Because the text of section 1836 does not contain any explicit reference to extraterritorial conduct or application, courts have looked to related provisions within the EEA to determine whether the private cause of action codified in section 1836 has extraterritorial reach.

In conducting this analysis, most courts have looked to section 1837 of the EEA, Applicability to conduct outside the United States. Section 1837 of the EEA provides:

This chapter also applies to conduct occurring outside the United States if—
(1) the offender is a natural person who is a citizen or permanent resident alien of the United States, or an organization organized under the laws of the United States or a State or political subdivision thereof; or
(2) an act in furtherance of the offense was committed in the United States.

18 U.S.C. § 1837.

The Motorola Case

A recent opinion out of the U.S. District Court for the Northern District of Illinois—Motorola Solutions, Inc. v. Hytera Communications Corp.—is the first case to meaningfully analyze section 1837 in the context of a civil trade secrets trial in which the issue was whether damages outside the United States fell within the act. See 436 F. Supp. 3d 1150, 1155 (N.D. Ill. 2020).

There, the plaintiffs brought claims against the defendants under the DTSA, alleging that the defendants hired three engineers away from the plaintiffs’ Malaysian office. Id. at 1154. The plaintiffs alleged that, on their way out the door, those engineers stole and brought to the defendant thousands of the plaintiffs’ technical, confidential documents, and that the defendants used those documents, which contained trade secrets and lines of source code, to develop a state-of-the-art digital radio that was functionally indistinguishable from the plaintiffs’ radios. The plaintiffs asserted that the defendants then sold those radios all around the world, including in the United States. The plaintiffs also offered evidence that the defendants advertised, promoted, and marketed products embodying the allegedly stolen trade secrets domestically at numerous trade shows. Id. at 1165.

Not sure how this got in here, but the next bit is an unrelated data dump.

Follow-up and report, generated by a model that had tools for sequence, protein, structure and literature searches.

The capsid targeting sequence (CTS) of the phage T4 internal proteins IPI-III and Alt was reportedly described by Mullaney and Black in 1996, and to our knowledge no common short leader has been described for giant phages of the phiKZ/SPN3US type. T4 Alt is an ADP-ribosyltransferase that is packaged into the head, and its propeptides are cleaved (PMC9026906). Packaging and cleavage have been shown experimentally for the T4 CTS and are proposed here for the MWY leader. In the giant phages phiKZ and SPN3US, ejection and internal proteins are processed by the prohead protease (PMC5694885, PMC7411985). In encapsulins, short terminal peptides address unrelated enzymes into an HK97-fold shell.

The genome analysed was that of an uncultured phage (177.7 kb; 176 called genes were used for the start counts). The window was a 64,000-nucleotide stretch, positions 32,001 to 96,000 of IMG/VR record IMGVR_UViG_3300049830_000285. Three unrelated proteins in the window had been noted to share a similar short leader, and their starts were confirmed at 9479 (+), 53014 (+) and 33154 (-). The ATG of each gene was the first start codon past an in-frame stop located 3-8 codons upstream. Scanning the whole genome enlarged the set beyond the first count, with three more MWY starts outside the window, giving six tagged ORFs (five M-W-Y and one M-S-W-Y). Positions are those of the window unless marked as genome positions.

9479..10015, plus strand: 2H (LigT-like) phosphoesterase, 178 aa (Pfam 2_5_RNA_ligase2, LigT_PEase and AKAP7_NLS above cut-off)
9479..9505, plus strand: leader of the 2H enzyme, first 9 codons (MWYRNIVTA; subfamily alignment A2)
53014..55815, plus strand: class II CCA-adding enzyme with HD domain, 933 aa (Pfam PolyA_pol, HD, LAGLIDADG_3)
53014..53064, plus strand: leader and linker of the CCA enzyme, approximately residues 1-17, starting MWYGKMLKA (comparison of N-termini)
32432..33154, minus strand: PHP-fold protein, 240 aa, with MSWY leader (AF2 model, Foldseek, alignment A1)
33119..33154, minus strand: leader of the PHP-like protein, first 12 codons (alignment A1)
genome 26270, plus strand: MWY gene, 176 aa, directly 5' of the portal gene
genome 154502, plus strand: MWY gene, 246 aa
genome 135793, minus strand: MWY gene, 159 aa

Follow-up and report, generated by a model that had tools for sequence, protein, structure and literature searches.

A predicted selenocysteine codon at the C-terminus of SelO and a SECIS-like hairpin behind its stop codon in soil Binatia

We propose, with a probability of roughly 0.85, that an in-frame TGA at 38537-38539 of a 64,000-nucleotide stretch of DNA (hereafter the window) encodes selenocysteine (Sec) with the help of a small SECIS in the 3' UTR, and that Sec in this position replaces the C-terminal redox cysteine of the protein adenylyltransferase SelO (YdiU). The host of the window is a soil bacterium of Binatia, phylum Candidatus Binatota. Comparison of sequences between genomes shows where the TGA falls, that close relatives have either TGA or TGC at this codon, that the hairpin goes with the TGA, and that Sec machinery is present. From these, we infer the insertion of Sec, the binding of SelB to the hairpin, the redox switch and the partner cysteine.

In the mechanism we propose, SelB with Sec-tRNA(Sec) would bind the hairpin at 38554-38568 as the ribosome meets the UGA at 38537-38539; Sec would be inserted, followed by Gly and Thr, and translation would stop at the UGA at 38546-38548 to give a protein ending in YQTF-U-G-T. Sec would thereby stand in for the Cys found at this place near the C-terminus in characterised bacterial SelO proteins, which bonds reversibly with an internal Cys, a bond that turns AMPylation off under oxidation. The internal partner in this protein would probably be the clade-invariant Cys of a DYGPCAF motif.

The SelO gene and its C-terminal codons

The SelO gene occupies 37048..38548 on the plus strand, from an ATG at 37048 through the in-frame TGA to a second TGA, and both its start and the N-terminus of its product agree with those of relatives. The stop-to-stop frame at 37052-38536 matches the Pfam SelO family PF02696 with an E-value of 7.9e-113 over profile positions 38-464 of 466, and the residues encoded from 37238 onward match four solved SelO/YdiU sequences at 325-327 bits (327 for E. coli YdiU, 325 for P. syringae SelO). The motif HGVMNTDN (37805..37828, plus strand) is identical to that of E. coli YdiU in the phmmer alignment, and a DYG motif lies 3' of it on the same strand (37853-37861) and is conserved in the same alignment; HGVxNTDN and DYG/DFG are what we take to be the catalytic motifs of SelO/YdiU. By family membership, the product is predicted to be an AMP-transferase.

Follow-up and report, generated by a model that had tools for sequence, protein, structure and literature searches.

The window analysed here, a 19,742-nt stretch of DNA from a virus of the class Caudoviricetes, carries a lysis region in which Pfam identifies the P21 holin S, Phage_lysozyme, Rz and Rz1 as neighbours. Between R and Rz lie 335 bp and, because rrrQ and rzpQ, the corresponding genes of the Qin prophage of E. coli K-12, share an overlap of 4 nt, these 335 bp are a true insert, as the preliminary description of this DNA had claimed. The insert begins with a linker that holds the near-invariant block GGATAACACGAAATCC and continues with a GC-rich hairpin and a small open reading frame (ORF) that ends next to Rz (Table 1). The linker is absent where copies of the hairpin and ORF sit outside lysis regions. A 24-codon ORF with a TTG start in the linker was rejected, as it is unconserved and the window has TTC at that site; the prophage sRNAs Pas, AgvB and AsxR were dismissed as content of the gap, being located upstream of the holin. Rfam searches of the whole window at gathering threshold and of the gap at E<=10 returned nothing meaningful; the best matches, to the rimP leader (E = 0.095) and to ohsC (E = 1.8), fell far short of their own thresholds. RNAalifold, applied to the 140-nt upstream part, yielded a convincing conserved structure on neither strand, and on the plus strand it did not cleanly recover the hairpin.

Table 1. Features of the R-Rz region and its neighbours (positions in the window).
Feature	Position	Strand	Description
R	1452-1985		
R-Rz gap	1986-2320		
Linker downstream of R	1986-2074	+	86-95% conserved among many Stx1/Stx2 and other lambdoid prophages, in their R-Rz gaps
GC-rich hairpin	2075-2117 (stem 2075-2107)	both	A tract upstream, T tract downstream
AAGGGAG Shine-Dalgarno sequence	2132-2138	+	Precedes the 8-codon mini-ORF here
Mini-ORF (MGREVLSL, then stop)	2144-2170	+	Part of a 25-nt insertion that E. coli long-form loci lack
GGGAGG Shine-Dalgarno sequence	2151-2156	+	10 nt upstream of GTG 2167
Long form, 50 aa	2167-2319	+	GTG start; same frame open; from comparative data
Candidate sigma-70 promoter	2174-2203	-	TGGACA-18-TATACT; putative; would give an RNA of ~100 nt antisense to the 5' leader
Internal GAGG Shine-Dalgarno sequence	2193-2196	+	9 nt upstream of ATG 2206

The defendants sought to exclude any evidence relating to extraterritorial damages, arguing that the DTSA could not reach conduct that emanated from outside the United States. Id. at 1154. The district court observed that there is a well-recognized general presumption that U.S. laws apply only domestically. But drawing a clear connection between the EEA’s section 1837 and the DTSA, as codified in section 1836, the court concluded that presumption was rebutted. Because the DTSA was simply a modification of the EEA’s existing statutory framework, in the Motorola court’s view, the primary question was “whether Section 1837 limits that rebuttal only to criminal matters—in other words, whether Section 1837 also creates an extraterritorial application of the private right of action codified in Section 1836.” Id. at 1159.